Category Archives: Infantry OCS

Our Vietnam War Dead

These are the men of 60th Company, OC 504-68, who were killed in Vietnam. We graduates of that 1968 class of Infantry Officers Candidate School at Fort Benning, Georgia, commemorate them each Memorial Day.

One graduate:  1LT Jacob Lee Kinser.

Two Tactical Officers:  CPT Reese Michael Patrick and 1LT Daniel Lynn Neiswender.

Four drop-outs:  CPL Sherry Joe Hadley, SP4 Reese Currenti Elia Jr., SP4 Robert Kendrick Chase, and PFC Jeffrey Sanders Tigner.

Kissing up to Code Pink

Some of my former co-workers, now also retired, periodically wax nostalgic about the snooze biz. I’m not nostalgic about it in the least, and can get downright irritable when I remember how it turned into the Leftist suckup news media that is pounding Trump, just like it enabled the Bush 2 haters and spent so much ink and paper kissing up to the lunatics of Code Pink

Undeserved credibility back then went to CP every time they held a “protest.” Some hapless reporter (including myself more often than I like to remember) was dispatched to “cover” their nonsense and lies. And if you tried to write objectively or included too many quotes from their critics, you got beaten back. As one editor told me in excising same from one of mine: “This is THEIR story.”

A President Trump will bring them back to the streets, I’m sure, and back to the pages of the snoozepapers, which are now struggling to pay the light bill. But it will be worth it to see the CP apoplexy. I hope they yell their pink selves hoarse and turn red. They already are Reds, politically, of course.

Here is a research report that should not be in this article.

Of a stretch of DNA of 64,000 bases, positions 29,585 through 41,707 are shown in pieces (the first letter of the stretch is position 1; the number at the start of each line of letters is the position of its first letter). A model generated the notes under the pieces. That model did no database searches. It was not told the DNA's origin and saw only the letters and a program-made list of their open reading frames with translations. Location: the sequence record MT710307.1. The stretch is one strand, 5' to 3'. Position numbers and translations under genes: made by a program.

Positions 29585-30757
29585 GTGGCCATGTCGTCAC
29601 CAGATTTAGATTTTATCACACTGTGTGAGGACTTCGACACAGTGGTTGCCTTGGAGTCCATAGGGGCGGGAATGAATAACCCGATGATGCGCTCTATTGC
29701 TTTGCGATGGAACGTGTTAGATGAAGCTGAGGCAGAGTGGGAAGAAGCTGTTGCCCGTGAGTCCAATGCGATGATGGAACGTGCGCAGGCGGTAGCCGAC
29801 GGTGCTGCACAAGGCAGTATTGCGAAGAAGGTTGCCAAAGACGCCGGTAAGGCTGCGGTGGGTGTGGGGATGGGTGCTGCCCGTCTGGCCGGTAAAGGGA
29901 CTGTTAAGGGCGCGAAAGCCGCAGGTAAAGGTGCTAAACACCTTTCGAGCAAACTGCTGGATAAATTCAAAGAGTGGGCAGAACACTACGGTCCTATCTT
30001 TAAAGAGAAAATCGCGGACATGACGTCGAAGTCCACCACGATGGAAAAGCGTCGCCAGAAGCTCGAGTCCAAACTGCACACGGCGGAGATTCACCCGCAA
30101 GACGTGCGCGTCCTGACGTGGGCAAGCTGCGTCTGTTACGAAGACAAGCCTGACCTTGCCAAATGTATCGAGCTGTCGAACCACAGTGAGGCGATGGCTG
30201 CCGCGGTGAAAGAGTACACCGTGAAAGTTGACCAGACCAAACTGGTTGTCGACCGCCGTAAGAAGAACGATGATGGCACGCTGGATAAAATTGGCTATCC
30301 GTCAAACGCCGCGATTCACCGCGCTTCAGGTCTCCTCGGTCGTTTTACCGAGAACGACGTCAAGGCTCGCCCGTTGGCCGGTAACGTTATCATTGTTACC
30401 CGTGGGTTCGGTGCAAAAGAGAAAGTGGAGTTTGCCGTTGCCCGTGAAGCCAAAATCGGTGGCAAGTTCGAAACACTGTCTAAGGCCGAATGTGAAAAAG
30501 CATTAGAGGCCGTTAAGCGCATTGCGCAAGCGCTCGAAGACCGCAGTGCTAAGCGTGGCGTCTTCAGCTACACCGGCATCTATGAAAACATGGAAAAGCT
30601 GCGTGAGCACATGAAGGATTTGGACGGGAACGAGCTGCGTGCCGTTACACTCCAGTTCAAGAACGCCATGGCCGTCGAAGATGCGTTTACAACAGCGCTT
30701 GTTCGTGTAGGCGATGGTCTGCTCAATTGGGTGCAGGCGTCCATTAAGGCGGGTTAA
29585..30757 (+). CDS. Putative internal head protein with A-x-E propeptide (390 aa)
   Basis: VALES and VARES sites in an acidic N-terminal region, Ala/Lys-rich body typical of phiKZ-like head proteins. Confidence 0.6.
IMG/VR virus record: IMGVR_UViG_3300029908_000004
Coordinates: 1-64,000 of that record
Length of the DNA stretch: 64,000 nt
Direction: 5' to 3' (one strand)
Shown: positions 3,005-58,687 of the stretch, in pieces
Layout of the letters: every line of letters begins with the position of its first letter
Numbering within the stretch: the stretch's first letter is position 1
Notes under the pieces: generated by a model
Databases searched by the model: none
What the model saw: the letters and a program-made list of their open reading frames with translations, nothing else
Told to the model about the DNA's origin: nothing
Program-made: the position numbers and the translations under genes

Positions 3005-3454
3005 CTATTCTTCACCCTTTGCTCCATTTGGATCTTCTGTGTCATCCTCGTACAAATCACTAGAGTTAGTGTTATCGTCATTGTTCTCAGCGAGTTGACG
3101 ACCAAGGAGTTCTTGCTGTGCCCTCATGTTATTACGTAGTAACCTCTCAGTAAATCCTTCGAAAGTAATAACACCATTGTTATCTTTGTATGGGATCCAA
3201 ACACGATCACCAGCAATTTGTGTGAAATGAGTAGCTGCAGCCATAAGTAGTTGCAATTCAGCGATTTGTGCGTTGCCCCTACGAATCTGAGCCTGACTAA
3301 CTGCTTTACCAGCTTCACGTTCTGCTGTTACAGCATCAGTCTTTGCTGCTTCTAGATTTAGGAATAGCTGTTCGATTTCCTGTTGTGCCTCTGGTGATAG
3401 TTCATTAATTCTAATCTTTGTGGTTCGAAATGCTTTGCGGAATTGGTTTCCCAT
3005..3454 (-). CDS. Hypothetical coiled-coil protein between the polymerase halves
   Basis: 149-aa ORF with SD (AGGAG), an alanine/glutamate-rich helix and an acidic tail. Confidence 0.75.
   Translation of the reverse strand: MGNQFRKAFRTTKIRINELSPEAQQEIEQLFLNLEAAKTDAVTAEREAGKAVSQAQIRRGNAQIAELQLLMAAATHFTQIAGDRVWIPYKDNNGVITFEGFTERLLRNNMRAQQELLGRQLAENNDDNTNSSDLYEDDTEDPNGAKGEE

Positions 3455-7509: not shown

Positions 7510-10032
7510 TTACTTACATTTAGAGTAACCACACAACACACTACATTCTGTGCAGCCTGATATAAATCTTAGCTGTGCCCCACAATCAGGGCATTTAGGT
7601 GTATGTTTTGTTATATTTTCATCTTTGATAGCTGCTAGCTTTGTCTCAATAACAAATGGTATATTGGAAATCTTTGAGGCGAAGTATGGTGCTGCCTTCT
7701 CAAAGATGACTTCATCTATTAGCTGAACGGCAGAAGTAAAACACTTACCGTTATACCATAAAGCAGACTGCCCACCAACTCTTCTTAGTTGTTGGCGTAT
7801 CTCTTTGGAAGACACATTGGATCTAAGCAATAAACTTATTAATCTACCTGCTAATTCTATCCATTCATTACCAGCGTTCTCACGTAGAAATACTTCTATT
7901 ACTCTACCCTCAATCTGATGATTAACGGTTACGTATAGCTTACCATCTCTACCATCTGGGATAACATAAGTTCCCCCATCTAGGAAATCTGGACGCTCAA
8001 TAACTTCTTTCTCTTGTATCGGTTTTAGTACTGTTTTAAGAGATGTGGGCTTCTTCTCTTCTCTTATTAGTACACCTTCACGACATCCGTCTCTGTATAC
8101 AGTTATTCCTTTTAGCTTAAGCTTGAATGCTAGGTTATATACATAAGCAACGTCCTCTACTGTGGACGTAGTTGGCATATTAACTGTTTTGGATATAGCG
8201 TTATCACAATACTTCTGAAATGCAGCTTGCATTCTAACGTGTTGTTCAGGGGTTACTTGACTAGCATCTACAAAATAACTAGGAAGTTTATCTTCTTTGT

Who were, as an OCS friend’s WW2 veteran father once said, “the same as Nazis but in crappier uniforms.”

R.I.P. Joe Bol

joebol

Joe Bol, friend, OCS classmate, rare reader and occasional commenter here, passed on to the next world Wednesday, from complications of multiple medical problems. Adios, Joe, see you again on the turnaround and may our next incarnations not include a thankless political travesty like the Vietnam War.

Via his adopted son Joseph Bol.

UPDATE:  Obit for Joe with updated photo. Pity for the misspellings and the usual military ignorance of our non-serving, self-centered fellow citizens. Thus he is credited with a Bronze Medal for Vietnam, as if he had been competing in the Olympics. It’s Bronze Star Medal, of course. Nothing at all about where he went to school or his occupation after the war. I don’t know the former but, IIRC, he was an accountant for the New Jersey Sports & Exposition Authority, which promotes professional athletics, horse racing, etc.

Hoi An, the colonial Williamsburg of Vietnam

HoiAn

Another from OCS bud Jay Fortun. My old stomping ground of Hoi An (first half of 1970) was a major stop on the ancient Europe-to-China sea route around Africa called the Silk Road. As such the seaside town of about 120,000 today has long had warehouses and villas built by Dutch, Portuguese and Japanese.